Judge sends Nacogdoches businessman to jail for probation violations

Judge sends Nacogdoches businessman to jail for probation violations

NACOGDOCHES, TX (KTRE) - A Nacogdoches judge ordered the businessman who assaulted a Stephen F. Austin State University employee and took the keys to his truck in June 2014 to spend 180 days in the county jail, added two years to his probation term, and increased his fine Wednesday.

William "Willie" Charles Hudson, 59, appeared in Judge Ed Klein's 420th Judicial District Court for a motion to revoke probation hearing Wednesday for violating the conditions of his probation several different way, according to special prosecutor Clyde Herrington.

After Klein ruled that Hudson had, in fact, violated the conditions of his probation, he increased the length of Hudson's deferred adjudication by another two years, so that it is now seven years, Herrington said. In addition, Klein increased Hudson fine by $2,000 and sentenced him to 180 days in the county jail.

As part of the added conditions of his deferred adjudication, Klein also ordered Hudson to complete an anger management and cognitive thinking programs and submit to a psychological exam, according to Herrington.

Hudson, 59, accepted a plea bargain deal of five years of deferred adjudication on Oct. 14, 2014.

Dustin Fore, a supervisor with Angelina County's Adult Probation Department explained that deferred adjudication is very similar to probation. However, with deferred adjudication, if a person completes the sentence without getting into any more trouble with the law, it will prevent him or her from having a felony conviction.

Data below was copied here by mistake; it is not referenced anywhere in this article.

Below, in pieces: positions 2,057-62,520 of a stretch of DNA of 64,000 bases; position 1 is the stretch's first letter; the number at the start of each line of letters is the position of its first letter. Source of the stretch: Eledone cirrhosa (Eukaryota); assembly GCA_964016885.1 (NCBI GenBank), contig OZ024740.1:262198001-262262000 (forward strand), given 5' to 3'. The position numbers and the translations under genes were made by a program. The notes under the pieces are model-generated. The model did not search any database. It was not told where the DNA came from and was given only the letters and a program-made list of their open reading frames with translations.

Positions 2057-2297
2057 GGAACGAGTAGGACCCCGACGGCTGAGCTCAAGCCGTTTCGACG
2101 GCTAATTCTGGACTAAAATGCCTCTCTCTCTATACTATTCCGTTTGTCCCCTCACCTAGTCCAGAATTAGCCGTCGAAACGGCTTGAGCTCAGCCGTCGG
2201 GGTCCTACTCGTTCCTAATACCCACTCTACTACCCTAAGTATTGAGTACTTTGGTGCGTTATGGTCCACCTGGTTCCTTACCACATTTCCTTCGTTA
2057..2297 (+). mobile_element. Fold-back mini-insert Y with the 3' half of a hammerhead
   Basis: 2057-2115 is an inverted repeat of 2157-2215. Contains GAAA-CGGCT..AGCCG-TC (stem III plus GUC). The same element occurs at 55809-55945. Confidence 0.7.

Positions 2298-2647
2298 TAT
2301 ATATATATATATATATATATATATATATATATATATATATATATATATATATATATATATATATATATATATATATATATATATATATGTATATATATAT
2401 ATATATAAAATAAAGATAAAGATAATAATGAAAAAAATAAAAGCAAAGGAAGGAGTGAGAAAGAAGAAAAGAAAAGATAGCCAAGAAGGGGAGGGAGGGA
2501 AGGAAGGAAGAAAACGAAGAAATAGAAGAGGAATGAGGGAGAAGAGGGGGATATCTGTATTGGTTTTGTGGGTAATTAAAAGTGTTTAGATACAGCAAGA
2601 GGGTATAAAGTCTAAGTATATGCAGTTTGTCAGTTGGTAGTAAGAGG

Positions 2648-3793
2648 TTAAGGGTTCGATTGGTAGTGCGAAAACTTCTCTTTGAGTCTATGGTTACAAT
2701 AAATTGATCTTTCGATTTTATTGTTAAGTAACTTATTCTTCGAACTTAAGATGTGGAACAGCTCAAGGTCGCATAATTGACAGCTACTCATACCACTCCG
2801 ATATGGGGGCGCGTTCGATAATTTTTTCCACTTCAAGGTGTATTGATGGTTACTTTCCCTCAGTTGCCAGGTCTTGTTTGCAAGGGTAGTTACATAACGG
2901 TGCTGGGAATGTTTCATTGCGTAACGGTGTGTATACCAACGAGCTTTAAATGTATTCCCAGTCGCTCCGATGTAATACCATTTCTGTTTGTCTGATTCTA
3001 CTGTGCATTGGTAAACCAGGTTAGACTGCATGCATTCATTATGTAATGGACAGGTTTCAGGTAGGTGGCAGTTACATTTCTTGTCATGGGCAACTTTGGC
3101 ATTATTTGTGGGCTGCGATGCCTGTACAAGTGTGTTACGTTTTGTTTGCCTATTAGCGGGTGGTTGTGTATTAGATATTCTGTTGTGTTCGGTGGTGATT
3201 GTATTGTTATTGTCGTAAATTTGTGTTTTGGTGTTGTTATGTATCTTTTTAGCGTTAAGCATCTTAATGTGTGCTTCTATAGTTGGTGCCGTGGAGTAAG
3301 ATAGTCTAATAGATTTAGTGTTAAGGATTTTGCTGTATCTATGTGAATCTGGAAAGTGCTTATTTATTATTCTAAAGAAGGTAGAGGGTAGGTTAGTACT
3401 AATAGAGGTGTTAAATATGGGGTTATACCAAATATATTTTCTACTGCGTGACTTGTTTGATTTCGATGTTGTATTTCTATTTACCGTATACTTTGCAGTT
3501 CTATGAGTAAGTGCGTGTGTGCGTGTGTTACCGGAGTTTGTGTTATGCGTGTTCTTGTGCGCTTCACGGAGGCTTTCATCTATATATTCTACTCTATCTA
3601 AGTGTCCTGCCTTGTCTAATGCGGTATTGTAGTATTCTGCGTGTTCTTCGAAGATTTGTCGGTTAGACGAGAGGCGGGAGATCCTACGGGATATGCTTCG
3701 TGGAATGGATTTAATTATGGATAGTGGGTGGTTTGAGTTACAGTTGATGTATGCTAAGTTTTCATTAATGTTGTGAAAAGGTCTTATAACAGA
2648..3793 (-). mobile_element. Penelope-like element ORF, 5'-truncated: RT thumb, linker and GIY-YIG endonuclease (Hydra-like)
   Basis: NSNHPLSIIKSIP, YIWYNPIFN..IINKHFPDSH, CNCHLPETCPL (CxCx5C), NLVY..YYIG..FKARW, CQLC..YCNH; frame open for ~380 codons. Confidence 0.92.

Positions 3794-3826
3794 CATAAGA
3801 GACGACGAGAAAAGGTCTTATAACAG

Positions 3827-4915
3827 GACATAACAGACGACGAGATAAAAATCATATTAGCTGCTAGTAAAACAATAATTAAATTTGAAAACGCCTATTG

However, Hudson's criminal record will still show the offense and the punishment he received.

Herrington filed an application to revoke Hudson's probation on Dec. 22, 2014.

In the application, Herrington outlined the ways that Hudson allegedly violated the terms of his probation. One of the term of Hudson's probation is that he was not allowed to contact any law enforcement agency in Nacogdoches, "including and not limited to the Nacogdoches Police Department and the Nacogdoches County Sheriff's Office" unless it was necessary because of a life-threatening emergency or to report a violent offense.

Any other contact with a Nacogdoches County law enforcement agency was required to be made via Hudson writing to his attorney of record and having him or her contact that agency for him.

According to the application, Hudson contacted the Nacogdoches Police Department on Oct. 17, 2014 and spoke to an officer. The report stated, "civil dispute, issue resolved. No report, no offense." Then on Oct. 31, 2014, Hudson allegedly contacted an NPD officer about no parking signs.

The application stated that Hudson contacted the Nacogdoches Police Department again on Nov. 1 to report a vehicle that was illegally parked. In addition, Hudson allegedly called the police department on Nov. 20, 2014, and said that he had confronted his parole officer at his hardware store about "bad-mouthing him to his employees."

Hudson also called the Nacogdoches Police Department on Dec. 2, 2014, to let them know that he had received a letter and that he was going to testify against one of the people named in the conditions of his probation. He allegedly told the officer that he had contacted the department because he wasn't supposed to have any contact with the woman.

As another of the conditions of his probation, Hudson was prohibited from talking to anyone about issues regarding parking or fire lanes. Along those lines, the application stated that Hudson confronted a woman on Nov. 1, 2014 about a parking issue at the Cole Art Center loading dock in downtown Nacogdoches.

Another condition stated that Hudson would be required to perform 250 hours of community service restitution at a government, charitable, or non-profit organization at a rate of no less than eight hours a month. The application alleged that Hudson failed to perform at least eight hours of community service during the month of November 2014.

The rest of the application reiterated the strict conditions of Hudson's probation.

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